Designing engagements with animals to find, imagine, or emphasize non-speciesist practices
One part of my final thesis project for the MSc in Interaction Design at Malmö University (Sweden) consists of a design process for two new prototypes. This time I aimed to explore how a combination of design techniques such as bodystorming, design experiments, and prototyping could open up for inviting the animal into the early to middle stages of a design process. The first design process includes an experimentation with a playful robotic object and the second one contains design experiments using playful interaction including sound- and smell-based interfaces. In order to establish a close connection with the animal-participant and to do many rapid prototyping experiments, I invited my own two dogs, Jojo and Boogie, to become part of this process.
EXPERIMENTATION WITH A PLAYFUL ROBOTIC OBJECT
In order to explore a dog’s reactions to an interactive robotic object, I experimented with a device called Sphero, a ball that is connected with a smartphone through Bluetooth and can be moved around by a human through an interface on a smartphone. Over a period of five weeks, I tested the device in different prototype iterations such as with the use of different covers, food incentives, LEGO, and eventually I built a hi-fi prototype with with the laser cutter including four different types of dog puzzles made from MDF that can be mounted on the Sphero.
EXPERIMENTATION WITH PLAYFUL INTERACTION INCLUDING SOUND AND SMELL
For this experiment, I started with a lo-fi prototype including a soft toy in which I could hide a phone that played pre-recorded sounds that could be recognizable for the dog. Another compartment of the toy contained objects that had a specific recognizable smell. By testing the toy with the dogs I wanted to explore their playful responses and general interest in this type of interface. In order to provide sounds and smells that the dogs could find both interesting and recognizable, I asked a family member to send me smells and sounds that connect to her home environment, a place where my dogs usually spent the summer holidays. She sent me objects such as a towel that remained insides the dog bed of her own dog, some branches from the forest next to the house, a dog toy that my dogs are familiar with, and a t-shirt worn by a family member. The sounds included 20/30 seconds audio files with sounds of the other dog, the local forest, sounds from inside the house, and a talking family member.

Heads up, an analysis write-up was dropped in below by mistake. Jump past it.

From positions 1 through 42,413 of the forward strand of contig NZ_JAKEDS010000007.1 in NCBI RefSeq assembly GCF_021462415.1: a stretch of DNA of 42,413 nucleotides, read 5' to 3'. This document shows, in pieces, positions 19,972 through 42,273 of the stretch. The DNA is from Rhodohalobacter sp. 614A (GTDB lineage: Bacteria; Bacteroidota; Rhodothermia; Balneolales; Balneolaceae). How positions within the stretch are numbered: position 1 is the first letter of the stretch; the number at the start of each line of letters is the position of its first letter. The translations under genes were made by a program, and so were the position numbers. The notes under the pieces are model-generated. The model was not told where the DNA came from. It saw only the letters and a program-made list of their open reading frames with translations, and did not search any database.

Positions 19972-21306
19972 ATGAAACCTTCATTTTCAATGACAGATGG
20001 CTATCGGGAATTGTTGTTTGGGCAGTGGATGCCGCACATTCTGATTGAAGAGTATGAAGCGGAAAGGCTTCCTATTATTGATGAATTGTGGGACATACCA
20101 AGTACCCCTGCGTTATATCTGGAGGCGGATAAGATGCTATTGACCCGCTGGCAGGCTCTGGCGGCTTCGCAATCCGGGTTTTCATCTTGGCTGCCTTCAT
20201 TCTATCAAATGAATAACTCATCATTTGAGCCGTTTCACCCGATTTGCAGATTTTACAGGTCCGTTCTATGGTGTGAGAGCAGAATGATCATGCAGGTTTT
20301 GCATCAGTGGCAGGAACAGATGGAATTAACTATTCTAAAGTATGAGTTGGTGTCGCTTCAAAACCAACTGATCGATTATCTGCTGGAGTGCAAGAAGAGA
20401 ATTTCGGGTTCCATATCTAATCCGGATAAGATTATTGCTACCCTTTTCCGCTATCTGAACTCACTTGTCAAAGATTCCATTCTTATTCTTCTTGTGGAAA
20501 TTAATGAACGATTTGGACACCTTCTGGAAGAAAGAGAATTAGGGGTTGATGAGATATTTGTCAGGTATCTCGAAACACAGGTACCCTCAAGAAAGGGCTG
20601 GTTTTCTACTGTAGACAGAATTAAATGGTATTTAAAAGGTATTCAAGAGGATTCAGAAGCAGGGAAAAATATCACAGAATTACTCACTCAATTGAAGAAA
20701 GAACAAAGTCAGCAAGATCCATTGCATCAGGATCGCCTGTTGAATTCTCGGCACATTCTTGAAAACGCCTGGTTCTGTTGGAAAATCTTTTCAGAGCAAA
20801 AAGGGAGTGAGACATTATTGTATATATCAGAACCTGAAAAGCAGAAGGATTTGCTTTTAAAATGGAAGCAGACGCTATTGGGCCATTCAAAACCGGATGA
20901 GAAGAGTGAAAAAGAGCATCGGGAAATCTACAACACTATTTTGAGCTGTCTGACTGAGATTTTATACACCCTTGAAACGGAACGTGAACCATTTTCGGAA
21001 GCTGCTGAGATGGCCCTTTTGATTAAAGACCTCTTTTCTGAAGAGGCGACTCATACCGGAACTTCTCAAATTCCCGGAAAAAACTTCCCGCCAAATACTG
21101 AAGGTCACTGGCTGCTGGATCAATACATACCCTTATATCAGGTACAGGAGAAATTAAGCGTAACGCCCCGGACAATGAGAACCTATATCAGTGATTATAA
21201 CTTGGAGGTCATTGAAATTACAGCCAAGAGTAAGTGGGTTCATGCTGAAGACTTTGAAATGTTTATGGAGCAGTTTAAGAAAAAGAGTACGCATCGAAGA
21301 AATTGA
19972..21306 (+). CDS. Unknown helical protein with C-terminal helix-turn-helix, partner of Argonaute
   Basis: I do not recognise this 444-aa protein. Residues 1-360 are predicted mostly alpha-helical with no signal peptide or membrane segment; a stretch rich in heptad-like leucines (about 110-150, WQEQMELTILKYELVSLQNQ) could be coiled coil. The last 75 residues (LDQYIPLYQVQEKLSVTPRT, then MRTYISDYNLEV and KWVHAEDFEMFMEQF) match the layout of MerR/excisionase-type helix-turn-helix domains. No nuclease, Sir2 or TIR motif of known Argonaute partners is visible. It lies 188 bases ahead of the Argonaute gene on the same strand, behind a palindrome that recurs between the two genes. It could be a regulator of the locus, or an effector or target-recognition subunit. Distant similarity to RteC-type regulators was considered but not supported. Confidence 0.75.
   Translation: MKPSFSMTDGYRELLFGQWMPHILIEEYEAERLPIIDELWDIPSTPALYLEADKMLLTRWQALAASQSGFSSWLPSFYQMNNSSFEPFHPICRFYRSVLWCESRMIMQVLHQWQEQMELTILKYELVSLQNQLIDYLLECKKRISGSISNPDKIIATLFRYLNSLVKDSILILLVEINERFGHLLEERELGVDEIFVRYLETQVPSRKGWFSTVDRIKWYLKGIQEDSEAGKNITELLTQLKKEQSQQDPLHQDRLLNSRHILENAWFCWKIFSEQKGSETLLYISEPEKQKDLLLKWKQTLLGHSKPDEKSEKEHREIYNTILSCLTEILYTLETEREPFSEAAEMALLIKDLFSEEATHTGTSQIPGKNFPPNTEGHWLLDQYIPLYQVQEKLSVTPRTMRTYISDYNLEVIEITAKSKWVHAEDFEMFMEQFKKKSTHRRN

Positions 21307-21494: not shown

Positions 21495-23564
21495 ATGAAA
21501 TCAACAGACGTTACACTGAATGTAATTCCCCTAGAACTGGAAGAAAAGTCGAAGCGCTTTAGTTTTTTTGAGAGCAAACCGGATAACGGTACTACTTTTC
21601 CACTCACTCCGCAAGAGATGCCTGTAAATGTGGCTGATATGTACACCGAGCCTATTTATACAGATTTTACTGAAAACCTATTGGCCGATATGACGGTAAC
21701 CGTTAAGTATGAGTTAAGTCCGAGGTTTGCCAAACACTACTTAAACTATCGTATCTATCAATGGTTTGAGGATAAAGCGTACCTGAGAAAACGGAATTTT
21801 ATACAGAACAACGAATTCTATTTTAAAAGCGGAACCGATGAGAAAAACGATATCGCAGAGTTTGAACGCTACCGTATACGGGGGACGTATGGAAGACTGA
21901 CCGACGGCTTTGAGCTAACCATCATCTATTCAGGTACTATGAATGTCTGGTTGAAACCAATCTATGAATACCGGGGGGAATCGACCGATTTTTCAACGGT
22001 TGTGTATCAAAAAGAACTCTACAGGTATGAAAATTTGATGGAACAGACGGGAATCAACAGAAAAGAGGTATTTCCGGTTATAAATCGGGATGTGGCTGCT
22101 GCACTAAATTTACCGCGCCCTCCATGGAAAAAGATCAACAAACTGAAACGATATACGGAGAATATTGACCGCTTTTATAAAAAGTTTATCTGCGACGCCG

The main intention of these experiments was to provide the dogs with a sense of control over when the sounds would be activated. Therefore I would only play the sound when the dog was interacting with the toy. In order to extend this concept, I developed a hi-fi prototype including a stuffed animal with an Arduino, an Audio Wave Shield, a speaker, and an RFID reader/antenna. Additionally I added RFID tags to the collars of my dogs. With this prototype, the sounds were automatically activated whenever the dogs would come close to the toy (with a 7cm reading range of the RFID antenna). For each dog I recorded and selected five different sounds based on my personal understanding of what they would prefer (one of the dogs seems to dislike loud noises so she could only activate low-volume sounds, whereas the other dog is more playful so she could start louder and more active sound files). After the play session, and based on the outcomes of the experiment, I additionally used the prototype as a starting point for exchanging affection and to experiment with sound files that are specifically created as ‘calming music for dogs’.
These two design processes were only one part of the thesis that I wrote in the past months. Additionally I explored the mediating role of playful technological artefacts designed for animals and humans through theory (with the main use of work by Bruno Latour and Donna Haraway) and practice (by visualising the dynamic interaction networks of six different prototypes). In case you are interested, this thesis will appear online in a few weeks. This work would not have been possible without the generous help of other people, but above all, the curiosity and interest of Jojo and Boogie, thank you for being so inspiring!